From boosting financial gains to reducing CO2 emissions, there are clear benefits from removing inefficient fossil fuel consumption subsidies. BSG Postdoctoral Research Fellow Dr Thomas Hale and Peter Ogden, Senior Fellow and Director of International Energy and Climate Policy at the Center for American Progress, explore a new policy tool that can offer countries the financial leverage they need to tackle the subsidy reform.
The subsidy phase-out and reform catalyst, or SPARC, bonds are a new financial instrument that can succeed where other efforts – for example ‘green bonds’ – have failed. SPARC bonds are linked directly to reductions in fossil fuels and could be backed by the World Bank and the Green Climate Fund. The authors say the model is “analogous to the financing model that is widely used by energy service companies” in which the company invests upfront to upgrade the customer’s home and then is paid back over a fixed period using part of the savings from the customer’s energy bill.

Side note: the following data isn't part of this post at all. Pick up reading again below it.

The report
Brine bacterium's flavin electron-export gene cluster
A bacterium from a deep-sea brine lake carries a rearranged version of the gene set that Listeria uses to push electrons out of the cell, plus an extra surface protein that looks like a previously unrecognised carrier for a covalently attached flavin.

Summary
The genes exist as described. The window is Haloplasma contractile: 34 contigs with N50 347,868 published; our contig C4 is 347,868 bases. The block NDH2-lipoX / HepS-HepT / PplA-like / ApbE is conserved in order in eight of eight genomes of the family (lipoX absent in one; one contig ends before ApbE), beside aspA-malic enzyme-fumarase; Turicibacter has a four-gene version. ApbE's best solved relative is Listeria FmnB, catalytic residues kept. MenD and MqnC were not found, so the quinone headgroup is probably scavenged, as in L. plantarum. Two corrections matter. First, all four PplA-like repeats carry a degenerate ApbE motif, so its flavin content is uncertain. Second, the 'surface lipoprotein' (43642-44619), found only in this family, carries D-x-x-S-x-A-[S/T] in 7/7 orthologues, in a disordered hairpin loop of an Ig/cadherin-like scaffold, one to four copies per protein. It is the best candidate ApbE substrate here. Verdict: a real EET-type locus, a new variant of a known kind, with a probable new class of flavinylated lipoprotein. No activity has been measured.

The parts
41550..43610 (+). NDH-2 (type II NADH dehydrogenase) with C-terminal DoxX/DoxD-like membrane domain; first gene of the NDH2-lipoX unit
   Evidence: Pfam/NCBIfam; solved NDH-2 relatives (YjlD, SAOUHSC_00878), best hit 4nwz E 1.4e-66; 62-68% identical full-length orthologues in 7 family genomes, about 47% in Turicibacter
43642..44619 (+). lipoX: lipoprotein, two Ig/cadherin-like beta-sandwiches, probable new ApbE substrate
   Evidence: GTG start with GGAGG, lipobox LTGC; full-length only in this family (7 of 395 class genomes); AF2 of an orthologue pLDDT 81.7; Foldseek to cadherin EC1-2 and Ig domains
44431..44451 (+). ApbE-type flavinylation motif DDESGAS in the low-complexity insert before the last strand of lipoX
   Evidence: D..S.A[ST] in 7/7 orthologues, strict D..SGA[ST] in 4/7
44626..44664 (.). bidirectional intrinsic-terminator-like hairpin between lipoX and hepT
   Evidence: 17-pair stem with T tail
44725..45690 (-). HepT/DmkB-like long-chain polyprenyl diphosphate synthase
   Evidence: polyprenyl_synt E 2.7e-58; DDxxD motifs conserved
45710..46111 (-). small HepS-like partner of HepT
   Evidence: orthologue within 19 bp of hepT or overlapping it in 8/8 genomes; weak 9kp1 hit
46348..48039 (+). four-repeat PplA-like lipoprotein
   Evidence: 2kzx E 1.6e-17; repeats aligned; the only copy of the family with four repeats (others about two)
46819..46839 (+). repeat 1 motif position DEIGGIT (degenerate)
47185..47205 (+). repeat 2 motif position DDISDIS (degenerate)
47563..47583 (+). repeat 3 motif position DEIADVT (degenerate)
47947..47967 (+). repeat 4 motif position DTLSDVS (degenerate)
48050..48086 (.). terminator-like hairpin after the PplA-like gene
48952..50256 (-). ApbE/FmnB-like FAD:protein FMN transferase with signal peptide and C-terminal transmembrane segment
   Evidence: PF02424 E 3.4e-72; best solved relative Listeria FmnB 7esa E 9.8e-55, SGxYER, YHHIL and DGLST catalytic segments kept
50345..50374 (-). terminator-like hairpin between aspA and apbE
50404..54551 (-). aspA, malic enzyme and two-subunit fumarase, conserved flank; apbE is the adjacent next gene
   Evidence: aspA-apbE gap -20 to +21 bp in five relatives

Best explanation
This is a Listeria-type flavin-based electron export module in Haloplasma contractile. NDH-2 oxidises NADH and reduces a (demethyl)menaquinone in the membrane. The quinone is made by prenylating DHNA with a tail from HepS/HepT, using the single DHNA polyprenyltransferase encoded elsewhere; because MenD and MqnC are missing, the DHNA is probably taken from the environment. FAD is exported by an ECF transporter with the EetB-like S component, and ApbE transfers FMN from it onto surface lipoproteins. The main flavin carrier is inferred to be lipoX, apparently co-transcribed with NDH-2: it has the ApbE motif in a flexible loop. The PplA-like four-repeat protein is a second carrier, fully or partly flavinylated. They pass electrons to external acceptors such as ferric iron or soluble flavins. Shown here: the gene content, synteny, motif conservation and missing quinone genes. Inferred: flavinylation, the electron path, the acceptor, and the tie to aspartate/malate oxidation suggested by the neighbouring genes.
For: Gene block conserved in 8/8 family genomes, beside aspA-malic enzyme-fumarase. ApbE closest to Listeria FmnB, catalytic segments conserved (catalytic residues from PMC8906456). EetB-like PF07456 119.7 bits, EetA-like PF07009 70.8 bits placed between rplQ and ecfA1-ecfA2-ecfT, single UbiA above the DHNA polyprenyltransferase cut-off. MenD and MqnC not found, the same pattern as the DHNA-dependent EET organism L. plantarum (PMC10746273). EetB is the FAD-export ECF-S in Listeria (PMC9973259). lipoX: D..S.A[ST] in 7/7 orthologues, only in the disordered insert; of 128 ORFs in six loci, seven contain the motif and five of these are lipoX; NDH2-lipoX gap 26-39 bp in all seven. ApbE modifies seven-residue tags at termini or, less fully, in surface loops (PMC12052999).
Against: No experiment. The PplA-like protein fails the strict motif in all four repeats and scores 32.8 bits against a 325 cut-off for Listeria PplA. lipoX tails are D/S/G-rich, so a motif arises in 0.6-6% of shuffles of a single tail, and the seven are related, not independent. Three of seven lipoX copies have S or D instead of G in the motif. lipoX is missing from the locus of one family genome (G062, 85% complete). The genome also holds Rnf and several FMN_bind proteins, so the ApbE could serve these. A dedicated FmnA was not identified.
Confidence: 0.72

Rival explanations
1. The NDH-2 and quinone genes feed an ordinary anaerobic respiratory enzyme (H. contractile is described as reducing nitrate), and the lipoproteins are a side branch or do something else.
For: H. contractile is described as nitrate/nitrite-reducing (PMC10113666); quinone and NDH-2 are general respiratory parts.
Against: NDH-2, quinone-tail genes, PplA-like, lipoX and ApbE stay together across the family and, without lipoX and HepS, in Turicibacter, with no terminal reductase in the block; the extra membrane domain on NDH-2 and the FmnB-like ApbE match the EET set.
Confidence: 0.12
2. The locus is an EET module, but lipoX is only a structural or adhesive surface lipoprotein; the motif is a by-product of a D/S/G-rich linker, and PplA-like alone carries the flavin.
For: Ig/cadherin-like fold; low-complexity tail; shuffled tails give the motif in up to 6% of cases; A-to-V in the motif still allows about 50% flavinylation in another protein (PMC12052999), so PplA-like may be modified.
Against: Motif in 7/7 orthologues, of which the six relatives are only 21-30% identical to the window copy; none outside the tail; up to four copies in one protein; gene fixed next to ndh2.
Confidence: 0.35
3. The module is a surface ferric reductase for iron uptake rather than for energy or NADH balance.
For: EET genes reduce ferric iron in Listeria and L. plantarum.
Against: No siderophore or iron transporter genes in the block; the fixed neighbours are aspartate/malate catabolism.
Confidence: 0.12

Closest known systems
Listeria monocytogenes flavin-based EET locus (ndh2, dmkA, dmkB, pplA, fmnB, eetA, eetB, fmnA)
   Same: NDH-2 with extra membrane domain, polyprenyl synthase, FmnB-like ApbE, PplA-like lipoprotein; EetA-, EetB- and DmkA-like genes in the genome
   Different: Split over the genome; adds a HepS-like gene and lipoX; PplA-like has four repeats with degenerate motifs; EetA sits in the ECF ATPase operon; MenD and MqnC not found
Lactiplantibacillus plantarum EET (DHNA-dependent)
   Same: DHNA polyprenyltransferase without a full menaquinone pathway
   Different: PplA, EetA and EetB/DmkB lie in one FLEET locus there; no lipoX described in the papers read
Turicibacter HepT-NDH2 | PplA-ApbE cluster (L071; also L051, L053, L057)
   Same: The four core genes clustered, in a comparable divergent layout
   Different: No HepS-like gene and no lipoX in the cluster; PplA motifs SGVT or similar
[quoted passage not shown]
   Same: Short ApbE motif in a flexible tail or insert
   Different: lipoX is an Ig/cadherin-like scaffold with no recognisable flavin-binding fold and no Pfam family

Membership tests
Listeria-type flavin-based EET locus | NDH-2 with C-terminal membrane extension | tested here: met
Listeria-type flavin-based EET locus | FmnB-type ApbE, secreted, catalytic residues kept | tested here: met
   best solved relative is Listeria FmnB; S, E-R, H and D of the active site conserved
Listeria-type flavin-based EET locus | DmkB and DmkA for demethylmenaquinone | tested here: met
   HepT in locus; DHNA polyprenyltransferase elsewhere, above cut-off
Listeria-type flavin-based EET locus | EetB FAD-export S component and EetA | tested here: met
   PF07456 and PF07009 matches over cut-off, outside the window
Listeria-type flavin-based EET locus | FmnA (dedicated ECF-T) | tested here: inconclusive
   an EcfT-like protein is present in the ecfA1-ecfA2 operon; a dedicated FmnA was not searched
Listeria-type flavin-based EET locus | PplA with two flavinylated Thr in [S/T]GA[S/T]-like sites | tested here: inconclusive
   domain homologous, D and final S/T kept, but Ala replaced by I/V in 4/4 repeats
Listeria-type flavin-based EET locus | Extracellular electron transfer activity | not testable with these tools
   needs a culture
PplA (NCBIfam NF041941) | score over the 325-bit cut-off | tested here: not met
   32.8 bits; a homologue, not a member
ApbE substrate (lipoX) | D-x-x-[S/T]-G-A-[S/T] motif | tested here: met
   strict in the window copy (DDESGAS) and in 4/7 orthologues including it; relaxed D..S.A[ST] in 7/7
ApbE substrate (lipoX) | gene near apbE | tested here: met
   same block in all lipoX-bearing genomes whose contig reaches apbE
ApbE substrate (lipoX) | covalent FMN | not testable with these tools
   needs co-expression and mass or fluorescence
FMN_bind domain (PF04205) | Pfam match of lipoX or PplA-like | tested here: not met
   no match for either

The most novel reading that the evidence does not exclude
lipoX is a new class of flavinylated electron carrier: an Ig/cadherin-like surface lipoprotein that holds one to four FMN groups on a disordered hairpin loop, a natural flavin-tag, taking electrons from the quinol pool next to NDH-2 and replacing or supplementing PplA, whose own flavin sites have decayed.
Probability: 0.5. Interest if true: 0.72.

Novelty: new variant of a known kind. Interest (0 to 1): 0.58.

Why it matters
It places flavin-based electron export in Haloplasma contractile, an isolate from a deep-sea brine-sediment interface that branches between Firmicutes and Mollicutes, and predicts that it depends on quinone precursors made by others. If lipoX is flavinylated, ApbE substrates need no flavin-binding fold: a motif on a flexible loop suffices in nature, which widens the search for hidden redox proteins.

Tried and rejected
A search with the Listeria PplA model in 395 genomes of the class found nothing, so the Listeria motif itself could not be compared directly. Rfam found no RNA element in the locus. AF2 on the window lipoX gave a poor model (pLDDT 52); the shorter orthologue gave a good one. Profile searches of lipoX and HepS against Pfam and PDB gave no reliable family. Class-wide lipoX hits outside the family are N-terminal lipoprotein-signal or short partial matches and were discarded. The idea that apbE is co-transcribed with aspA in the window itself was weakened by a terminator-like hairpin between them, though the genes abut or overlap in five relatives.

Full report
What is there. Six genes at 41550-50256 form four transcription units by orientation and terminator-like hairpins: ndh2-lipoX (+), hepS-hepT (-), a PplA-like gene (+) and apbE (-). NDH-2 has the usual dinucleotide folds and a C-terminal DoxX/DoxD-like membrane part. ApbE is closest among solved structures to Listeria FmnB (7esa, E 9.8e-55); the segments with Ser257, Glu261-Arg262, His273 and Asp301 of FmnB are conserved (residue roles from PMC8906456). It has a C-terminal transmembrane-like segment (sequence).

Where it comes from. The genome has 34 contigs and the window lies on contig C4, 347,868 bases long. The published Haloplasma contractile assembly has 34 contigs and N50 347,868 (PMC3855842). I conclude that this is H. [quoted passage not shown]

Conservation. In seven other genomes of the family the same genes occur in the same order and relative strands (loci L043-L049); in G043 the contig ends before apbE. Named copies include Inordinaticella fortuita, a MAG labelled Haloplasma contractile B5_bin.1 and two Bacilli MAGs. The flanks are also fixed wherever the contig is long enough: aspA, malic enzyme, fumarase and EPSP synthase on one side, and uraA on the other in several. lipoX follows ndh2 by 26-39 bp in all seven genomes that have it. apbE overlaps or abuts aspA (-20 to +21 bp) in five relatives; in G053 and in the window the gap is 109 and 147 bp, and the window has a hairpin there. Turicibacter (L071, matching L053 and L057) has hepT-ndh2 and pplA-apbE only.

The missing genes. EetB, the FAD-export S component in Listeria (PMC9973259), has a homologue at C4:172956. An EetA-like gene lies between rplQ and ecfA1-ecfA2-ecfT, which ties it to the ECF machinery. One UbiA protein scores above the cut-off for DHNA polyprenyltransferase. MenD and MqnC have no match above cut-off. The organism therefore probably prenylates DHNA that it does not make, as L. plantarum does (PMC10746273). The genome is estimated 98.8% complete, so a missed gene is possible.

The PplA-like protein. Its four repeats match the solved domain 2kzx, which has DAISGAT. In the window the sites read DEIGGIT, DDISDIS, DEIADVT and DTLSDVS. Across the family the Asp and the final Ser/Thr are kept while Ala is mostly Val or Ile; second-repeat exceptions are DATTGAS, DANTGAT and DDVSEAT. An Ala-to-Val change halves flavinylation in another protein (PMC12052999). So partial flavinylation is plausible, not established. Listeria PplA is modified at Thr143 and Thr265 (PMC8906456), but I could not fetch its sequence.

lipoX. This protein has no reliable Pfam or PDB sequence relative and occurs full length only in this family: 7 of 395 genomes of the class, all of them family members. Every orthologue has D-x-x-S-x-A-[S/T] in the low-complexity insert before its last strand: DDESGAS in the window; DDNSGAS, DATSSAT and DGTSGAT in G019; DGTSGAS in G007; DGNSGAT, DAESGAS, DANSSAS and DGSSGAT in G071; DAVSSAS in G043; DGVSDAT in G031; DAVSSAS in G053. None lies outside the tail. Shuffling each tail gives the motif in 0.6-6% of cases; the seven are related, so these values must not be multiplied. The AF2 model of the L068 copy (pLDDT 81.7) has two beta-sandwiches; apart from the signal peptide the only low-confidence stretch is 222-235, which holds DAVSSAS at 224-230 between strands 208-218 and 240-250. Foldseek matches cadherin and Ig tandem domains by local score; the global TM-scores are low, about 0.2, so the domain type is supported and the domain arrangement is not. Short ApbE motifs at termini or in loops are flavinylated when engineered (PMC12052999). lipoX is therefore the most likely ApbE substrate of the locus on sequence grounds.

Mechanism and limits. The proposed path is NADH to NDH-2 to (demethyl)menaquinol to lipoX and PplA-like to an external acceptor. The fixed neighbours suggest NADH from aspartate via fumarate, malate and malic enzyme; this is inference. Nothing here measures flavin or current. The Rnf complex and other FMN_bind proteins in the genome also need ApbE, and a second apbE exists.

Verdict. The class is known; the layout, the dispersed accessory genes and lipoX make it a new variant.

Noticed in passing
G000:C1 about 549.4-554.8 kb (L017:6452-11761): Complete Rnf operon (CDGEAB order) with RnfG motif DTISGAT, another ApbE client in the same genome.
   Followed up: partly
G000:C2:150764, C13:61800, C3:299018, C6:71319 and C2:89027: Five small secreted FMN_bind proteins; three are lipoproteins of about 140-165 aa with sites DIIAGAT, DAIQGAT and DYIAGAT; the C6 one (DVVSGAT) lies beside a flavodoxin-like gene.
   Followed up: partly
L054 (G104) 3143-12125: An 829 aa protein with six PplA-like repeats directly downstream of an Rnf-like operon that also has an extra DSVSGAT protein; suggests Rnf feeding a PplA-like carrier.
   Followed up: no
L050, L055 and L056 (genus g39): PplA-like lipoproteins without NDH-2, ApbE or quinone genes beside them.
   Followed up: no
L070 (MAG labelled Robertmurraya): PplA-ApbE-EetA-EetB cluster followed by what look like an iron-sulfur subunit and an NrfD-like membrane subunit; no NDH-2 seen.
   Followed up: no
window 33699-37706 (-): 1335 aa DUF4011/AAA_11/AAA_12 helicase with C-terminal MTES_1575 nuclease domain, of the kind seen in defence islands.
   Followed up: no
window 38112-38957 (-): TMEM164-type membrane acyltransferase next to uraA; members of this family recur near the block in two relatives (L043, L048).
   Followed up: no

As the authors explain, “current levels of public and private investment cover only a fraction of what is needed to decarbonize the economy, expand energy access, and adapt to unavoidable climatic changes. Yet, perversely, countries spend more on fossil-fuel subsidies that drive climate change than they spend trying to combat it.”
With world leaders urging to phase-out fossil-fuels subsidies and 2015 being the year for both the United Nations Climate Change Conference (UNCCC) in Paris and the Millennium Development Goals deadline (and subsequent new goals setting), a change is becoming increasingly urgent. Will SPARC bonds add a new string to the bow of reformers?